Did you really find information about people moving out? The major industry in the area is fishing (at least until July, when you can add tourism), which is stinky by nature, although it is a different stink. And with the winds around there, there have to be several localities–not neighborhoods, way too tiny for neighborhoods–afflicted with the smell.

    Speaking of wind, the Atlantic Wind Test Site is just cool, especially in person, and only four to five miles from the whale. Turbines of all different designs, packed together and running:

    http://www.weican.ca/

  2. #2 Cameron
    May 18, 2008

    Elephants are definitely not the second largest animals on the planet.

  3. #3 Greg
    May 18, 2008

    You are right. I mean to way “the largest land animal” … and somehow that came out.

    Several whales are larger.

  4. #4 laurisa
    May 18, 2008

    ah, largest land animal. correct me if i’m wrong: the largest land CARNIVORE is the Kodiak brown bear. bitches measure 1 meter from one ear to the other. sucks to be a hiker in a hungry bear’s path.

  5. #5 Greg Laden
    May 18, 2008

    Laurisa. Technically, the largest land carnivore is the polar bear because there is this one polar bear that is the largest bear of any living/recent population. However, if you go around and measure a bunch of kodiak bears, you will find that they are big on average, and the average kodiak will be bigger than the average polar.

    Yet, it is also true that all the brown bears (kodiak and griz) as well as polar bears are pretty much the same species if you look only at the DNA phylogeny.

    My view is that polar bears are a different species that has very recently arisen. Possibly in the last few thousand years.

  6. #6 Zach Miller
    May 19, 2008

    Well, the fact that grizzlies and polar bears are known to produce hybrid offspring indicates a very recent divergence.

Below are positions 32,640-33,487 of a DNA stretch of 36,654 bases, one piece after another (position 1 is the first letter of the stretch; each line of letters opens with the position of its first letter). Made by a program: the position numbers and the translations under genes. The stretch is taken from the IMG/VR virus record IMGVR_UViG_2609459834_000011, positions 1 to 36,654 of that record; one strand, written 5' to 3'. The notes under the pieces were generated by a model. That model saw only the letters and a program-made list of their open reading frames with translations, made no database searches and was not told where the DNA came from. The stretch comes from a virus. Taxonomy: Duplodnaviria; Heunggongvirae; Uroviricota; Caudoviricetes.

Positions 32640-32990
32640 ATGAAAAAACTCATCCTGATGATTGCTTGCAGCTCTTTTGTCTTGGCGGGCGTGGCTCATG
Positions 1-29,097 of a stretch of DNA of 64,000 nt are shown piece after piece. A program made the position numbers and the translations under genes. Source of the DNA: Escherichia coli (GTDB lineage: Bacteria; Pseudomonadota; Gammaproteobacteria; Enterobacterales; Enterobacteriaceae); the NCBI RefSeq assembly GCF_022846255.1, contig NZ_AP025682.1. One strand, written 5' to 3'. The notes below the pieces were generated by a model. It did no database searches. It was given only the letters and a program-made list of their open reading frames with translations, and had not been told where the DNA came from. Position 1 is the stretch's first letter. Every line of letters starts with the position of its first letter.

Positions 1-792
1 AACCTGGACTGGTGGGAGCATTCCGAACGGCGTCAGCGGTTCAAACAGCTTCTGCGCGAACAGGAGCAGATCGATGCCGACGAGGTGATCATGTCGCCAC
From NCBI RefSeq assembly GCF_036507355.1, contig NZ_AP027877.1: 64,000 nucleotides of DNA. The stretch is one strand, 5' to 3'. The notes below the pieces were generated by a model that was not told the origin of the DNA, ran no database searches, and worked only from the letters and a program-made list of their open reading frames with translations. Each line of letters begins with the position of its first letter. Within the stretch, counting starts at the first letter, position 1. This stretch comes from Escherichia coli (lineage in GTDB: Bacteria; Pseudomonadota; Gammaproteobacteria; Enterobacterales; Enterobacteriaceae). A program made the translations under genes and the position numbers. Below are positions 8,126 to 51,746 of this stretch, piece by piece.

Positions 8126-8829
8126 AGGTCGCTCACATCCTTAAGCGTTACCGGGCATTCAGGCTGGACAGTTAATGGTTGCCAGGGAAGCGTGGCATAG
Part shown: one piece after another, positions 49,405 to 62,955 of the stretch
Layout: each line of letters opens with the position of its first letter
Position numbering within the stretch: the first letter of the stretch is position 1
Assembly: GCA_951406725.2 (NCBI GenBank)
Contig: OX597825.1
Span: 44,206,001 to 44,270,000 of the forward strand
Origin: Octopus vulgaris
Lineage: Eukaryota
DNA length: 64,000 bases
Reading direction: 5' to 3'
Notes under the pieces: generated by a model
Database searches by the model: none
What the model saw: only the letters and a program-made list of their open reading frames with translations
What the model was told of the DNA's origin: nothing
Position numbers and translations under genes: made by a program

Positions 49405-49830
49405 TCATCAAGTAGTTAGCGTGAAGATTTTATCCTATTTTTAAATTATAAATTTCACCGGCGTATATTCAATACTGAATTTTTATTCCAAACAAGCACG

7. #7 Greg Laden
    May 19, 2008

    It is my opinion that this divergence was likely observed by humans.

  8. #8 Cameron
    May 20, 2008

    Apparently genetic studies on ursid phylogeny indicated a date of a million to a million and a half years for polar bear/brown bear divergence – but they do recognize that the oldest fossils are 1/10th of this.

    Yu, Li et al. 2004. Phylogeny of the bears (Ursidae) based on nuclear and mitochondrial genes. Molecular Phylogenetics and Evolution (32), 480�494

    One of the fossils in question is Ursus maritimus tyrannus, discussed here

    I think the early Wurm is about 100 k years ago, before our species got there but long after other hominids. U. m. tyrannus was apparently very large even compared with polar bears and could have been one of the largest mammalian land hypercarnivores known (if not the).

  9. #9 greg laden
    May 20, 2008

    Cameron:

    I personally think, and this is really at this point not too supportable, just call it a hunch, that these estimates may be old by a large margin.

    Polar bears are cicumpolar, but right, when were humans in the subarctic in the old world? (we can include Neanderthals, of course). That is a bit harder to kinow.